Study finds those most optimistic are 24% more likely to maintain good cognitive and physical health as they age

Head shot of Laura Kubzansky

Laura Kubzansky is an author on a paper that explores optimism in relation to likelihood of healthy aging, considering whether effects are evident over and above effects of health-related behaviors and depression. Findings suggest that optimism should be explored further as a potentially modifiable health asset.

Can programs that promote well-being help to improve cardiovascular health?

Given the strong connection between optimism (and other signposts of psychological well-being) and cardiovascular health, Laura Kubzansky and colleagues recommend in the Journal of the American College of Cardiology (JACC) that rigorous interventions be designed to evaluate programs geared towards promoting psychological well-being.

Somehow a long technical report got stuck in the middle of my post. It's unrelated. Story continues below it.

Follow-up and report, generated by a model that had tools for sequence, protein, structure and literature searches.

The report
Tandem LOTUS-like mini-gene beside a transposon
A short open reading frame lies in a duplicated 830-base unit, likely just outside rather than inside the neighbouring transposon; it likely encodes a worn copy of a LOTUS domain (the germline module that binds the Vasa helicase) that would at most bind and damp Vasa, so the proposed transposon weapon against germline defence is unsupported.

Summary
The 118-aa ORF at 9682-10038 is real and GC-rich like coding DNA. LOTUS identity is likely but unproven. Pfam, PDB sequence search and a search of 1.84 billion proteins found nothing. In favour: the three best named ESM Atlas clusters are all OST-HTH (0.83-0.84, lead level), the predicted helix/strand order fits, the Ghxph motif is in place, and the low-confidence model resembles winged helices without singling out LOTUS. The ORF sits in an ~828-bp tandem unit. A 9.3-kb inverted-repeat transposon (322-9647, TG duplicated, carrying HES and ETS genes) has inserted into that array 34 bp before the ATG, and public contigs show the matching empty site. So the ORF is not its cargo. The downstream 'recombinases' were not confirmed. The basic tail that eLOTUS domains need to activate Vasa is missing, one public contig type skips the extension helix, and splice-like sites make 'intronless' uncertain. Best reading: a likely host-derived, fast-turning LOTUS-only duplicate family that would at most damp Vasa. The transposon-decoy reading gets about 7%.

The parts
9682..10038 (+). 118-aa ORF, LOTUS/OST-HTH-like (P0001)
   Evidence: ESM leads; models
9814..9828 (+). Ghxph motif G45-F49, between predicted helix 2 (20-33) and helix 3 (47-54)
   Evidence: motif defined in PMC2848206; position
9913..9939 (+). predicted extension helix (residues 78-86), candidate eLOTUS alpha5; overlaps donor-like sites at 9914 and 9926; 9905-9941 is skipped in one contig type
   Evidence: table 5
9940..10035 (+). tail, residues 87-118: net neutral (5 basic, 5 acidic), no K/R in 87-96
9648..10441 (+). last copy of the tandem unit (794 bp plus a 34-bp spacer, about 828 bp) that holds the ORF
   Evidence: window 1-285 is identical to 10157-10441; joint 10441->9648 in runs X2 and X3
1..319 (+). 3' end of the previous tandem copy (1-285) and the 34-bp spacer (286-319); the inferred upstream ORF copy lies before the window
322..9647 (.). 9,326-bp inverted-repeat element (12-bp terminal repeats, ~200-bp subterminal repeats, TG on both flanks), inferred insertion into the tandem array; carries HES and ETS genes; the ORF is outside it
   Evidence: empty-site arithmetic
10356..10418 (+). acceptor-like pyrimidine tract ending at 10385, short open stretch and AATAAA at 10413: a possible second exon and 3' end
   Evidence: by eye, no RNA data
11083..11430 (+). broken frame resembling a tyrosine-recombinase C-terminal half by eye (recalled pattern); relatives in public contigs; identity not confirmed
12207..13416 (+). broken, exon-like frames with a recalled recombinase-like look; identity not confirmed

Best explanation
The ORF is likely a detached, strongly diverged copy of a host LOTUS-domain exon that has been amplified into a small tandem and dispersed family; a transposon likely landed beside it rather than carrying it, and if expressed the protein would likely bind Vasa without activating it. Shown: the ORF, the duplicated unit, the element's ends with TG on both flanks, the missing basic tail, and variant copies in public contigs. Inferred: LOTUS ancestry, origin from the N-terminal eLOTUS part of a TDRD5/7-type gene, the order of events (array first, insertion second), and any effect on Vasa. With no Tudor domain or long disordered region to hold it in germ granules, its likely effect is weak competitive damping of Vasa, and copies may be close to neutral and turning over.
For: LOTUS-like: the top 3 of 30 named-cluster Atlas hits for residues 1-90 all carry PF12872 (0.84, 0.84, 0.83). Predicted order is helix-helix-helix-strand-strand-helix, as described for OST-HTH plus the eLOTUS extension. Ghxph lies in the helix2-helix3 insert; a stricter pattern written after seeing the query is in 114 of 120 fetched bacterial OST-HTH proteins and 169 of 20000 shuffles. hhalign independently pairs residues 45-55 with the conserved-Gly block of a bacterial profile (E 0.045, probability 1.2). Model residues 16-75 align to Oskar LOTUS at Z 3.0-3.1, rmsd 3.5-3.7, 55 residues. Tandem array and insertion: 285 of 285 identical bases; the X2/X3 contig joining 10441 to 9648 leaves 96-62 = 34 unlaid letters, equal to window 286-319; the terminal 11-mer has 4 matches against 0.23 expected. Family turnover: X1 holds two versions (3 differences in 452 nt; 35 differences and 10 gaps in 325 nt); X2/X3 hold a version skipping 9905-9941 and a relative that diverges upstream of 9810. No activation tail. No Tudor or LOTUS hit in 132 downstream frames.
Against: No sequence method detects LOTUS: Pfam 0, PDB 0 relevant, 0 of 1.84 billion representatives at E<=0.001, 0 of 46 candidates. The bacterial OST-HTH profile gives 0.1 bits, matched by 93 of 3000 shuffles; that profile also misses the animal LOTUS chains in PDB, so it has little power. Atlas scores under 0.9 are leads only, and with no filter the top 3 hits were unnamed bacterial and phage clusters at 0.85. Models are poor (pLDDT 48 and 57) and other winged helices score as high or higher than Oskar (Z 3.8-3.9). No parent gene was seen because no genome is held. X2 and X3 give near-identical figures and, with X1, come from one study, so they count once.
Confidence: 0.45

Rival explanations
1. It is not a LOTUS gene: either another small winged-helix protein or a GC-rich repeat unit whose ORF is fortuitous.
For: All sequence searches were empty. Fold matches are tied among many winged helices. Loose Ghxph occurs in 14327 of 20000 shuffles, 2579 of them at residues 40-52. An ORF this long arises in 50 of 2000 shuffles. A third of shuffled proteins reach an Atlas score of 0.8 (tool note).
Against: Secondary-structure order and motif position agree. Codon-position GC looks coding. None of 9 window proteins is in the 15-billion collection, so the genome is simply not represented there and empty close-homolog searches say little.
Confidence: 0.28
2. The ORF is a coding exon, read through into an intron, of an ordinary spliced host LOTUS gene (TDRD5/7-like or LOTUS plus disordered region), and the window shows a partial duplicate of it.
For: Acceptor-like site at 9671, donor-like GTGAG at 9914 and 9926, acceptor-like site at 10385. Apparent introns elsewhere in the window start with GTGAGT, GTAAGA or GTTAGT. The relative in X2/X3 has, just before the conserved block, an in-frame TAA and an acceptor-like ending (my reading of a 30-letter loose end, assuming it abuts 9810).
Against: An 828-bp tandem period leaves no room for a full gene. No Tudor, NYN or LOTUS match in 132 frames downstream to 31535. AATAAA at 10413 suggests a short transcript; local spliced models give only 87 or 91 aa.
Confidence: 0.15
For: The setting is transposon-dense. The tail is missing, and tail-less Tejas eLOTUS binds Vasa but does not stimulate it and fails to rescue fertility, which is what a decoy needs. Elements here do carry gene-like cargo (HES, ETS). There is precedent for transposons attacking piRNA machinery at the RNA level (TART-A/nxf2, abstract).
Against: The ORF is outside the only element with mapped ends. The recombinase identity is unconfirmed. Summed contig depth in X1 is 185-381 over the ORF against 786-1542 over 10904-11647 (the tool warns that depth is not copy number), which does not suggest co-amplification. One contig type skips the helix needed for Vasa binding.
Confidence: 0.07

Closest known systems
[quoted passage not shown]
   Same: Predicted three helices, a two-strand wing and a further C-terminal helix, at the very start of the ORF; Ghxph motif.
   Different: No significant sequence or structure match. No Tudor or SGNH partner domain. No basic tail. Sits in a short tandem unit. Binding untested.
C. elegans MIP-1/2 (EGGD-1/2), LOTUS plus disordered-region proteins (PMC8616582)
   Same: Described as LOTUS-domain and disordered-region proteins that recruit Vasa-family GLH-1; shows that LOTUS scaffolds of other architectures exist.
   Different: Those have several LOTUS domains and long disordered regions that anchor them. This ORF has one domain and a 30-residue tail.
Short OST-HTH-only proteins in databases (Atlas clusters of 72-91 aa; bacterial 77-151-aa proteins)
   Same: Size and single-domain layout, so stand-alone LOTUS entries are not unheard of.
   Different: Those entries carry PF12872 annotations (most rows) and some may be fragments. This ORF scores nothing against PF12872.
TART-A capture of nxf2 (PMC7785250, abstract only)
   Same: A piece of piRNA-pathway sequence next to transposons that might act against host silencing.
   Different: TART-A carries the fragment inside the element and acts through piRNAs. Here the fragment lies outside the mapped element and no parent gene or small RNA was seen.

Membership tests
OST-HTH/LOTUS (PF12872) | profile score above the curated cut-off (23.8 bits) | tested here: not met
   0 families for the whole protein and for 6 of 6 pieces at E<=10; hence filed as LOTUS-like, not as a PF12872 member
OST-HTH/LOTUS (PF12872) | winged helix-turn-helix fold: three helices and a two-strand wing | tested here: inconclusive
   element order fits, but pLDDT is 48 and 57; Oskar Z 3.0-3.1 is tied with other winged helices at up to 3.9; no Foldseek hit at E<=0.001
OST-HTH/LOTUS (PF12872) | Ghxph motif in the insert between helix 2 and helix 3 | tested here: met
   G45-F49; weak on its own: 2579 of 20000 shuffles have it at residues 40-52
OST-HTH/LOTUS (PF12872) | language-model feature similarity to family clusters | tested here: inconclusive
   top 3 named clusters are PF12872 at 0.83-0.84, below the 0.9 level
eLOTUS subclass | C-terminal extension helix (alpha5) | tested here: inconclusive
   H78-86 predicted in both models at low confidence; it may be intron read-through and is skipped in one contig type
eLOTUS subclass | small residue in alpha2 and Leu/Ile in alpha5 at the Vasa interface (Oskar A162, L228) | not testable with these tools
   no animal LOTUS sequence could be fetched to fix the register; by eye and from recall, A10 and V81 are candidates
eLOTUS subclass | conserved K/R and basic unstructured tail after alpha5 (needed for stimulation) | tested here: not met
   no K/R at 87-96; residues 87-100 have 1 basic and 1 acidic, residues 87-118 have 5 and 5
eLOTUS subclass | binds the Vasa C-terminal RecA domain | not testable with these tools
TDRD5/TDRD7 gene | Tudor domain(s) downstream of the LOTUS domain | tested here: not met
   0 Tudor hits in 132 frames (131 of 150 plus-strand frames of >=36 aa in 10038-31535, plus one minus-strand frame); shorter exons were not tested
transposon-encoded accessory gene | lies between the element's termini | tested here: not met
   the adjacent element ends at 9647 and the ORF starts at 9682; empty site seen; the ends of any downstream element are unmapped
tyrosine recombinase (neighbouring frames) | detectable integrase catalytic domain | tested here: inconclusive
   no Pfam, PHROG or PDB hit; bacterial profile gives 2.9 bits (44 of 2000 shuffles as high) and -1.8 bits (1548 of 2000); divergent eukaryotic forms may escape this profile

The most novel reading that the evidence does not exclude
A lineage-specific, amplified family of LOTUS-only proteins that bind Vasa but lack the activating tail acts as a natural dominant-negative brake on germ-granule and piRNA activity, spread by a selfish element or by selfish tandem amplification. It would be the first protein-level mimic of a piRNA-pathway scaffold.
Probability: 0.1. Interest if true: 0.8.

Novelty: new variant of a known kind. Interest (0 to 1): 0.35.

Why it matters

Positive feelings and thoughts linked to higher levels of good cholesterol

A study by Laura Kubzansky and colleagues reveals that greater psychological well-being is linked to higher levels of HDL-C (considered to be the “good” cholesterol). While healthier behaviors play a role, this study aims to examine more closely the established link between psychological well-being and cardiovascular health.

Optimism linked to reduced risk of death from several major causes among women

Laura Kubzansky, PhD, a Harvard Pop Center faculty member, is an author on a study that has found that women who were the most optimistic were less likely to die from diseases analyzed, including cancer, heart disease, stroke, respiratory disease, and infection, over the course of the study. The findings are published in The American Journal of Epidemiology. Learn more in this press release by the Harvard T.H. Chan School of Public Health.